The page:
The Meter is Running
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It's important to explain to residents why the board does what it does.
AUTHORSteve Greenbaum, Charles H. Greenthal Management
The fallout. We manage a co-op that had a 3.5% maintenance increase before COVID hit in 2020. Basically it was because of the rise in real estate taxes, but people were not happy. This building has a ground-floor commercial lab, a dentist and a restaurant, and with the pandemic they just stopped paying. Those stores probably account for about 20%, 30% of the income of the building. Meanwhile, we had to put extra staff on, and we had to buy more cleaning supplies and protective gear. So maintenance increased 3% again, and we had to have a large assessment to cover the shortfall from the stores.
Back to the future. At this building we used to have town-hall meetings before the annual meeting to go over income and expenses. We really educated the shareholders as to where their money goes. It was early in the widespread use of Zoom, but we decided to use it. Back then it was pretty cutting edge to have a town-hall meeting with everyone logging on instead of showing up in person, and navigating Zoom was challenging.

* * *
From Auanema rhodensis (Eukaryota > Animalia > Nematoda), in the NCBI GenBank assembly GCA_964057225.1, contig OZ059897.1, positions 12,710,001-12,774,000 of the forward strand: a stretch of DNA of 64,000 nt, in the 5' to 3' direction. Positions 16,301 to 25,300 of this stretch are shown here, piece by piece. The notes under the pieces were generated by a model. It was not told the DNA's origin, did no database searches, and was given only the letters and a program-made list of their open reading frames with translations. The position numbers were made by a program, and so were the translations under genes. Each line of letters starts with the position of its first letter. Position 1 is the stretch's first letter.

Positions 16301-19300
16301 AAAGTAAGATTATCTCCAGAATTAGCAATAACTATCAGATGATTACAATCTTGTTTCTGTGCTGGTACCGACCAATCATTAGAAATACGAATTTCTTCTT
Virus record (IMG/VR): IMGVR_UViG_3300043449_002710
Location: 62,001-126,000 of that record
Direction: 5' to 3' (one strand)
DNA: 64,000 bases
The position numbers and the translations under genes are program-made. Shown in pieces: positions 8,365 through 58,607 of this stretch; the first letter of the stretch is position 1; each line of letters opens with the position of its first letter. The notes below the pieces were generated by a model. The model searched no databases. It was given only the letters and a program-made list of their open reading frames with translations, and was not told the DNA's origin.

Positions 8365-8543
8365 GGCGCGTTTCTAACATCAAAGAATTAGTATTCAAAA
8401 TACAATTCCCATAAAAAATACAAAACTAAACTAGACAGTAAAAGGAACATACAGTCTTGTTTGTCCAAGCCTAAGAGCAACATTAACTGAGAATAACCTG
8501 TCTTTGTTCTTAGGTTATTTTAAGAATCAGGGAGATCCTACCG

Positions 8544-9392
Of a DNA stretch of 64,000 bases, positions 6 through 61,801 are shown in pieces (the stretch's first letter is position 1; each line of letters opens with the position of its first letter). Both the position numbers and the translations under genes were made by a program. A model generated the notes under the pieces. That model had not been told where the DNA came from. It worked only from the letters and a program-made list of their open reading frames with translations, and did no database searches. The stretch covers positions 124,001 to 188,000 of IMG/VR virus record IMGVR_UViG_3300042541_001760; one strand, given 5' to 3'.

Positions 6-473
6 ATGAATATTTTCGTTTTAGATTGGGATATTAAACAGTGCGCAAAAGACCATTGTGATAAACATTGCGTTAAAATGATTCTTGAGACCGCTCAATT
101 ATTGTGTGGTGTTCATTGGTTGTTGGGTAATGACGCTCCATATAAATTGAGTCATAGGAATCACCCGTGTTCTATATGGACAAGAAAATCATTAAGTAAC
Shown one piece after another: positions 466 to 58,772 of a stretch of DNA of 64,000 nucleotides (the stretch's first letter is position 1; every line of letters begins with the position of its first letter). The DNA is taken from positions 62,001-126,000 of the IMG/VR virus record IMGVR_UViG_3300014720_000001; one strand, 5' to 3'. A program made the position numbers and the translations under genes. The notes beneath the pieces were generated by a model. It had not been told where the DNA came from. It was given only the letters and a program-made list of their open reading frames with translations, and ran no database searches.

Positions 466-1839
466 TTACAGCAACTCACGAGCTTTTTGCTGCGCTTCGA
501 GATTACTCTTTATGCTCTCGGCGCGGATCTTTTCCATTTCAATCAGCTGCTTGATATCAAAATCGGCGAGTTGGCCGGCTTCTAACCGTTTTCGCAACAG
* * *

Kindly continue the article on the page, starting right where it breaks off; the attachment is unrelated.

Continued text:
We sent out the budget, the financial statement and how we got to our numbers in advance. We asked people to email any questions that they had. At the meeting we went over expenses line by line, supplying bar graphs and pie charts. When you look at the expenses on a chart or graph, you really find that there’s not that much discretionary spending. We had to explain to everyone that we didn’t know what the future would be for these stores, so we didn’t include their shortfall in the maintenance. If things go back to normal and they start paying again, we can stop the assessment. You can never roll back maintenance.
Education, education, education. There used to be a television commercial with a guy selling suits who said, “An educated consumer is my best customer.” When you have transparency, communication and education, I think people have a better appreciation for what their role is as a shareholder — and a better understanding of where their money is going, what their board does, what the managing agent does, and how the building is run.